In the end, as with Evan Turner, it's probably still too early to tell with Domonic Brown. It's always too early to tell. We just have to keep watching and waiting, whether we like it or not.

NHL Playoffs: Penguins beat Senators in 2OT of Game 7 to reach Stanley Cup Final

NHL Playoffs: Penguins beat Senators in 2OT of Game 7 to reach Stanley Cup Final

BOX SCORE

PITTSBURGH -- The Pittsburgh Penguins are heading back to the Stanley Cup Final.

Chris Kunitz beat Craig Anderson 5:09 into the second overtime to give the defending champions a 3-2 victory over the Ottawa Senators in Game 7 of the Eastern Conference final Thursday night.

Kunitz scored twice, his first two of the playoffs. Justin Schultz added the other in his return from an upper-body injury, and Matt Murray stopped 28 shots on his 23rd birthday.

The Penguins are trying to become the first team since the Detroit Red Wings in 1998 to win back-to-back titles. They will host Western Conference champion Nashville in Game 1 on Monday night.

Mark Stone and Ryan Dzingel scored for Ottawa. The Senators rallied twice to tie it, with Dzingel making it 2-2 with 5:19 left in regulation.

Craig Anderson made 39 saves, but couldn't get a handle on Kunitz's shot from just outside the left circle. The Senators are 0-6 in Game 7s in franchise history.

The Senators forced a return trip to Pittsburgh -- where they lost 7-0 loss in Game 5 on Sunday -- by leaning heavily on Anderson in a 2-1 Game 6 victory, putting both teams at odds with history.

Ottawa came in 0-for-25 years in winner-take-all games, while the Penguins were 0-7 in Game 7s at home in series in which they also dropped Game 6.

Ottawa coach Guy Boucher told his resilient team to not get caught up in the big picture but instead focus on the small ones, a recipe that carried the Senators throughout a bumpy transition under their first-year head coach to the brink of the franchise's second Cup appearance.

The Penguins, trying to become the first defending champion to return to the finals since Detroit in 2009, came in confident they would advance if they could replicate their dominant Game 6, when they were undone only by Anderson's brilliance.

Pittsburgh has been nearly unflappable in the face of adversity under Mike Sullivan, going 12-2 in playoff games following a loss over the last two springs. He encouraged his team to "just play," code for fighting through Ottawa's neutral zone-clogging style and the bumping, grabbing and pulling that comes along with it.

A chance to play for their sport's ultimate prize on the line, the sheets of open ice the Penguins found so easily in Games 4-6 closed up. For most of the first 30 minutes, loose pucks hopped over sticks to spoil some scoring opportunities while Anderson and Murray gobbled up the rest.

Kunitz, relegated to the fourth line since returning from injury in the second round, picked up his first postseason goal in a calendar year when he completed a two-on-one with Conor Sheary -- a healthy scratch in Games 5 and 6 -- by slipping the puck by Anderson 9:55 into the second period.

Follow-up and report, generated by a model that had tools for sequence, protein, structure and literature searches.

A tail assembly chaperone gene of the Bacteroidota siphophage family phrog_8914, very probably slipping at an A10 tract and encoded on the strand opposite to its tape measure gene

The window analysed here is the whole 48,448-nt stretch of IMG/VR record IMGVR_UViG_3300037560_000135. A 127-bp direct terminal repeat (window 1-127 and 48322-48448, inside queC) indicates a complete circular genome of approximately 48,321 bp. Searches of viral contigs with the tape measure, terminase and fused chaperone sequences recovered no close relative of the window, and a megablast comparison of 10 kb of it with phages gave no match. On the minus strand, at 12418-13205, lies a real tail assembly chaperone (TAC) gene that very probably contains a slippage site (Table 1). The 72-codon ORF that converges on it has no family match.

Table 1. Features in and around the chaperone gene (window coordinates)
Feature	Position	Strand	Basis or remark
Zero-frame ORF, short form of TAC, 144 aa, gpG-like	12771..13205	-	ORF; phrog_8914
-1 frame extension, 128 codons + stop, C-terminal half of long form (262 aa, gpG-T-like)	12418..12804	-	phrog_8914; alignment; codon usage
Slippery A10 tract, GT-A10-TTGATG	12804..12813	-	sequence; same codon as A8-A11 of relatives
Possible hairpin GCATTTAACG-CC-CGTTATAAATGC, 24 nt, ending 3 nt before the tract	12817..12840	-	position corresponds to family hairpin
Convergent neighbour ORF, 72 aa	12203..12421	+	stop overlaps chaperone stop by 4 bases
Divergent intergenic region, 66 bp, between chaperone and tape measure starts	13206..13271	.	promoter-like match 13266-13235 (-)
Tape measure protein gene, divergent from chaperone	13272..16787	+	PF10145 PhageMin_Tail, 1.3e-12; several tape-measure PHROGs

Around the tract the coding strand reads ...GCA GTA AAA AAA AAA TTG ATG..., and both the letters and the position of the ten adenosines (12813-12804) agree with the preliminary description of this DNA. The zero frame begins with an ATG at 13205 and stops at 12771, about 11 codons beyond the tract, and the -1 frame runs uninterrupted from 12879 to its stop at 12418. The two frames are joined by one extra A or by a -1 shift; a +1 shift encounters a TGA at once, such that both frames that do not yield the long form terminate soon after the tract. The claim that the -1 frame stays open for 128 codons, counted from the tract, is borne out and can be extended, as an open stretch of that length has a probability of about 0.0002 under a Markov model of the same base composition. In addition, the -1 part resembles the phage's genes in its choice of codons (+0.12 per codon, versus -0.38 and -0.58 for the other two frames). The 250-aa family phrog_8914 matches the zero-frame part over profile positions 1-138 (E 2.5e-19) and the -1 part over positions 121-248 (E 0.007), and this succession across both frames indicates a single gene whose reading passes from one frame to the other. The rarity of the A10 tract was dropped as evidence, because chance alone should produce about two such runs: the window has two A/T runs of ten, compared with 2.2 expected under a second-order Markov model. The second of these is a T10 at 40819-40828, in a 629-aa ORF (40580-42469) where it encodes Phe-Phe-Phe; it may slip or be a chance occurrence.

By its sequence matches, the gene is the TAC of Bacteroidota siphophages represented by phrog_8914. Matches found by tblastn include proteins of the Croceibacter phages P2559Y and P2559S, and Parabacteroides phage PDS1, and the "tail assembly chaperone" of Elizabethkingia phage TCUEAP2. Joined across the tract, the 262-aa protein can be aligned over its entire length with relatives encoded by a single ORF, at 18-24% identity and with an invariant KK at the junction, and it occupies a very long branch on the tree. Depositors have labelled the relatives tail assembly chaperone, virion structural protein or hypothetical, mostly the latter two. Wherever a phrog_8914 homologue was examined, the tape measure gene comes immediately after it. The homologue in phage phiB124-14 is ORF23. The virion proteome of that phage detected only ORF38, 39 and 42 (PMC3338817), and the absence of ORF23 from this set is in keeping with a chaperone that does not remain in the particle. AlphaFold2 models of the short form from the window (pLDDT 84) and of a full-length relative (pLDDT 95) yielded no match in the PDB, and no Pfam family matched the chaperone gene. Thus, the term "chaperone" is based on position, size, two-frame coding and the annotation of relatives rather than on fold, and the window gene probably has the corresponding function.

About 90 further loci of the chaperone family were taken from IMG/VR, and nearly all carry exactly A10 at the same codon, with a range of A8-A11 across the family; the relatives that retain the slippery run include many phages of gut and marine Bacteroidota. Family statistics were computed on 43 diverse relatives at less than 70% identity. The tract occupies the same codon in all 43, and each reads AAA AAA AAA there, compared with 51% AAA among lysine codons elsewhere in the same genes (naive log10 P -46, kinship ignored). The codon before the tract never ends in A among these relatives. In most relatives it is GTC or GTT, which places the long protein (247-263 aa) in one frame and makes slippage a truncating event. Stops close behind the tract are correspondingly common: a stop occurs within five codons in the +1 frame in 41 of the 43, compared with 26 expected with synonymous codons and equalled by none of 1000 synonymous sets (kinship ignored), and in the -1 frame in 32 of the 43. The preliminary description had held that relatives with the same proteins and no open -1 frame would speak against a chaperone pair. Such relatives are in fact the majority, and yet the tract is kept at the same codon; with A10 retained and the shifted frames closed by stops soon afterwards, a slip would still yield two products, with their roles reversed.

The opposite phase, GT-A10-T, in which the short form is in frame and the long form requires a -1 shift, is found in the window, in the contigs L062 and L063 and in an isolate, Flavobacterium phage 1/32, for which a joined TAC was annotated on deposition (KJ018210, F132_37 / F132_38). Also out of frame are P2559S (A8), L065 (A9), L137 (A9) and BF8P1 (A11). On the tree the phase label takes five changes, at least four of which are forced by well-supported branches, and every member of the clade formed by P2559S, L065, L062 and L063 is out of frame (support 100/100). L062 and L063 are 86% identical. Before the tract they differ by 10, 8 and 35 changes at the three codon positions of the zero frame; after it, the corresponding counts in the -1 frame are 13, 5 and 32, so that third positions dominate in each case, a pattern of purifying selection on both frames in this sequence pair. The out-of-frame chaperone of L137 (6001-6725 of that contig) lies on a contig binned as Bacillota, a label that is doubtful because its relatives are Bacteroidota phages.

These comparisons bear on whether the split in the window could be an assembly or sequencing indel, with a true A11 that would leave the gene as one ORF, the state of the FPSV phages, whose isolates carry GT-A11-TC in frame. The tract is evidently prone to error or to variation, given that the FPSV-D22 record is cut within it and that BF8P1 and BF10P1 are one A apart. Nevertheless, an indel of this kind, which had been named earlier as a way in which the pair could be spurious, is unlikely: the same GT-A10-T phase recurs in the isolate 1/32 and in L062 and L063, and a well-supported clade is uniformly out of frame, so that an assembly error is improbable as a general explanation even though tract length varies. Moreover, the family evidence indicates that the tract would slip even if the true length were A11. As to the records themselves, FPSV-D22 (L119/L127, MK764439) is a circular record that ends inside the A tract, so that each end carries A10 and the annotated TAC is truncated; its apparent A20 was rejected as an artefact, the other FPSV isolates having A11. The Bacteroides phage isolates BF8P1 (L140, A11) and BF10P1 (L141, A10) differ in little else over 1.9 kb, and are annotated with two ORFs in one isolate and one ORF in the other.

The momentum lasted all of 20 seconds. Ottawa responded immediately with Stone -- who stretched his left skate to stay onside -- fired a wrist shot that handcuffed Murray.

Pittsburgh kept coming. Schultz, returning after missing four games with an upper-body injury, zipped a shot from the point through Kunitz's screen and into the net with 8:16 left in the third.

Once again, the Penguins could not hold the lead. Dzingel set up at the right post and banged home a rebound off Erik Karlsson's shot that hit the left post and caromed off Murray's back right to Dzingel's stick.

Notes
The home team is 21-20 in overtime Game 7s in NHL playoff history. ... Pittsburgh F Patric Hornqvist skated during warmups, but was held out of the lineup for a sixth straight game with an upper-body injury. ... Karlsson had 16 assists in the playoffs to set a team record. ... The Penguins are 10-7 in Game 7s. ... It was the fifth one-goal game of the series.

Howie Kendrick hit by pitch twice, removed from rehab start at Triple A

Howie Kendrick hit by pitch twice, removed from rehab start at Triple A

Howie Kendrick experienced a painful rehab start on Thursday night.

Rehabbing with Triple A Lehigh Valley, Kendrick was hit by a pitch twice before being removed after the sixth inning of the IronPigs' 8-4 loss to Indianapolis at Coca-Cola Park.

Both times Kendrick was plunked in the upper left arm, according to Tom Housenick of the Morning Call.

There was no update on if Kendrick was injured or taken out for precautionary reasons. Thursday marked Kendrick's second rehab start as he recovers from an oblique strain that has sidelined him since April 15.

The Phillies' leftfielder started at third base Thursday. At the beginning of his rehab assignment, Kendrick was expected to play four games and see time at third and first base, as well as in left field.

Kendrick made a throwing error at third on Thursday and finished 0 for 1 with a run scored. In his two games, he's 0 for 3 with two strikeouts.

Kendrick hit .333 with four doubles, a triple and five RBIs in 10 games with the Phillies prior to landing on the DL.

When he returns, he could see time at third base instead of left field if Maikel Franco continues to struggle (see story).